On January 14, 2009, about 1425 Pacific standard time, a Stits Flut-R-Bug, SA6B, N3129, experienced a partial loss of engine power during initial climb from a public road about 2 miles north of Los Olivos, California. After being airborne less than 1 minute, the experimental category airplane collided with an oak tree that was adjacent to the road. The airplane was substantially damaged during the emergency descent. The private pilot, who owned and operated the airplane, sustained minor injuries during the personal flight. Visual meteorological conditions prevailed at the time, and no flight plan had been filed. The flight was performed under the provisions of 14 Code of Federal Regulations Part 91.

The pilot indicated to the National Transportation Safety Board investigator and Santa Barbara County Sheriff deputies that about 1228 he had departed from the Santa Ynez Airport, about 7 miles southeast of the accident site. The engine "started to sputter" during the flight. The pilot stated that he checked the engine gauges, and they did not indicate anything abnormal. He also switched fuel tanks, applied carburetor heat, and checked the magnetos. None of these actions decreased the sputtering, and finally all engine power was lost. At the time, the airplane was about 2,500 feet mean sea level. The pilot made a forced landing on the Figueroa Mountain Road, elevation about 1,100 feet mean sea level.

The pilot stated that he is not a mechanic, but that he spoke with a mechanic at his home base Santa Ynez airport. The pilot opined that following departure from Santa Ynez, the carburetor-equipped airplane engine may have encountered vapor lock. However, he recognized that the power loss may have resulted from other problems. The pilot opted to wait until the engine cooled off, and then he would try to restart the engine. If successful, he would run up the engine and take off from the road.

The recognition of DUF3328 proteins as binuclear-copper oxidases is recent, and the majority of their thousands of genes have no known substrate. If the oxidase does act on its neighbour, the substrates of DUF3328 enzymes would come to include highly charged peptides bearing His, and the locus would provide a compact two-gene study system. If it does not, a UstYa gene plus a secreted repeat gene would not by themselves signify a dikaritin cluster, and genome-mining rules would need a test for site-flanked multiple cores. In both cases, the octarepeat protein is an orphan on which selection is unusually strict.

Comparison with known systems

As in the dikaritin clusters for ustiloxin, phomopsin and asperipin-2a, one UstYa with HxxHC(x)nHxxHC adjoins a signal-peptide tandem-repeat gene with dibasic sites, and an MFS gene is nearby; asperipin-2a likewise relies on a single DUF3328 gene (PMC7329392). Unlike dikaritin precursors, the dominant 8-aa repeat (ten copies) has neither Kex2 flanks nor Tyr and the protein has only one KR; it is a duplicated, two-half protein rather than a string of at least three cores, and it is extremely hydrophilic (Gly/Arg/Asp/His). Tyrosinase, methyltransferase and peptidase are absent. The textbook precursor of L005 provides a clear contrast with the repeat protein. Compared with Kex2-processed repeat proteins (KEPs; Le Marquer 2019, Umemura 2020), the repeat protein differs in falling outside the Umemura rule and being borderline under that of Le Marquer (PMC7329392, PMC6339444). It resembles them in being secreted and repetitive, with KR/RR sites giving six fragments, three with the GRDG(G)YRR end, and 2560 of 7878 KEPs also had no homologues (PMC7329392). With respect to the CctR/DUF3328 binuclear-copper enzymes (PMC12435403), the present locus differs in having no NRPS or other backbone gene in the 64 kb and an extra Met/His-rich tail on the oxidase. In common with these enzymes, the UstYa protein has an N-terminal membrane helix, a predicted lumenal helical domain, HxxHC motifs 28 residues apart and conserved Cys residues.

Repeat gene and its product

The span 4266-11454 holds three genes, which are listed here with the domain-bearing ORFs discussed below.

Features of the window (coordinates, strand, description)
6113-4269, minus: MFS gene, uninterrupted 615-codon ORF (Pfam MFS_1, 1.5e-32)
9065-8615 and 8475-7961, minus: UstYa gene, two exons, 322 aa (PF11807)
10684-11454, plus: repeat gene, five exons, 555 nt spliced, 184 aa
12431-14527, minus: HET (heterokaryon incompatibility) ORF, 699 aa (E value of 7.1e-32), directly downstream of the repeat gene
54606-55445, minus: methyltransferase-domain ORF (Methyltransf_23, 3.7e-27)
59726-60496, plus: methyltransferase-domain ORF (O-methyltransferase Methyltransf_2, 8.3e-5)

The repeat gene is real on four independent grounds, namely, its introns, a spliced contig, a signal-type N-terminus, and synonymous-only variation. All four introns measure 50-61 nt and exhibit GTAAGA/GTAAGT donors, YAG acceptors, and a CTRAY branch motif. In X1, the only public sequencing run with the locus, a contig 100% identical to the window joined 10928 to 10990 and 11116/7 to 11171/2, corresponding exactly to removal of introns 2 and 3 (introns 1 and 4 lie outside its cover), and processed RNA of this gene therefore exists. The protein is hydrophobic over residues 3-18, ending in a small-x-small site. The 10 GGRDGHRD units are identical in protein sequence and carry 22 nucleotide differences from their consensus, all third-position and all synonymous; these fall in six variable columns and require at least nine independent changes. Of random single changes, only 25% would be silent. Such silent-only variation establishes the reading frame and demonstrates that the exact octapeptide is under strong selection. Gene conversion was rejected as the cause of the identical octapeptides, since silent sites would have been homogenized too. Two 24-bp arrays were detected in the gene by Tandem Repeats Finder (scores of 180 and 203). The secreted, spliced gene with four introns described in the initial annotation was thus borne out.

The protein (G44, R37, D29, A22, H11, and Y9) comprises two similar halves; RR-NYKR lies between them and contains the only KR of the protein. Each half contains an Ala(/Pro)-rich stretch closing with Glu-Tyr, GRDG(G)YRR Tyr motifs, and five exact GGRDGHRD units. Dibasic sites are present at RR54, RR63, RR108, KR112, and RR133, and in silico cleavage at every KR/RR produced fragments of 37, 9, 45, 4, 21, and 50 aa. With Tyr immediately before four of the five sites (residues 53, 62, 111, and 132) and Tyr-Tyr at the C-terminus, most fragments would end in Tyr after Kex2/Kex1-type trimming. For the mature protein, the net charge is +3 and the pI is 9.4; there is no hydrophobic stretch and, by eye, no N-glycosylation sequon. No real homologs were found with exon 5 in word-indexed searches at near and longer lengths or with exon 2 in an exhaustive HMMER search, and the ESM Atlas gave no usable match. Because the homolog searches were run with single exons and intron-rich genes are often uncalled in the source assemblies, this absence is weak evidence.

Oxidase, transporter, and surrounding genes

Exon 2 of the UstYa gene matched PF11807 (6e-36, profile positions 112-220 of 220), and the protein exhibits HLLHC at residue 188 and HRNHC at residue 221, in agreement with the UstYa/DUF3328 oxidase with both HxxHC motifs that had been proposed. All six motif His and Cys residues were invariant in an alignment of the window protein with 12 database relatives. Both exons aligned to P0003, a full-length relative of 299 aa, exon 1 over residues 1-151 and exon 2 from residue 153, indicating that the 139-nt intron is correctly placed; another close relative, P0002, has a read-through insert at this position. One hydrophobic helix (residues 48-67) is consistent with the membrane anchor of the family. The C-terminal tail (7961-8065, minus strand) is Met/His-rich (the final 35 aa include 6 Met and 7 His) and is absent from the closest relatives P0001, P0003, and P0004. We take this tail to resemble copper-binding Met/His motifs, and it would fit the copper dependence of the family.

According to the pilot, he had the airplane towed by car to a better location on the road where, in preparation for takeoff, he performed a prolonged engine run-up. The engine appeared to operate normally. The airplane's fuel tank was over 1/2 full, and the pilot took off from the road.

Seconds after becoming airborne and climbing between 40 and 50 feet above the ground, the engine started sputtering and nearly quit. Landing on the road was no longer an option because it curved, and the pilot was unable to see ahead for possible vehicular traffic.

The pilot stated that he turned his airplane a few degrees right toward an open plowed field. However, he chose not to land there because of the likelihood that the airplane would nose over, thus making egress difficult. The pilot opted to stall the airplane into a nearby tree, which would absorb the impact energy. The airplane came to rest suspended by tree branches about 25 feet above ground level.

A responding deputy sheriff reported that the pilot had not received law enforcement permission to depart from the two-lane public road. The approximate distance between the pilot's takeoff location and the crash site is 2,700 feet.

The airplane was recovered from the accident site and examined under the supervision of Federal Aviation Administration (FAA) personnel. The FAA coordinator reported, in part, that no debris was found in the carburetor, which contained fuel. The magnetos produced spark upon rotation. The spark plugs exhibited normal wear signatures, and the engine's compression was satisfactory. No external evidence of a preimpact engine malfunction or anomaly was noted. The FAA coordinator indicated that the engine lost power for undetermined non-mechanical reasons.

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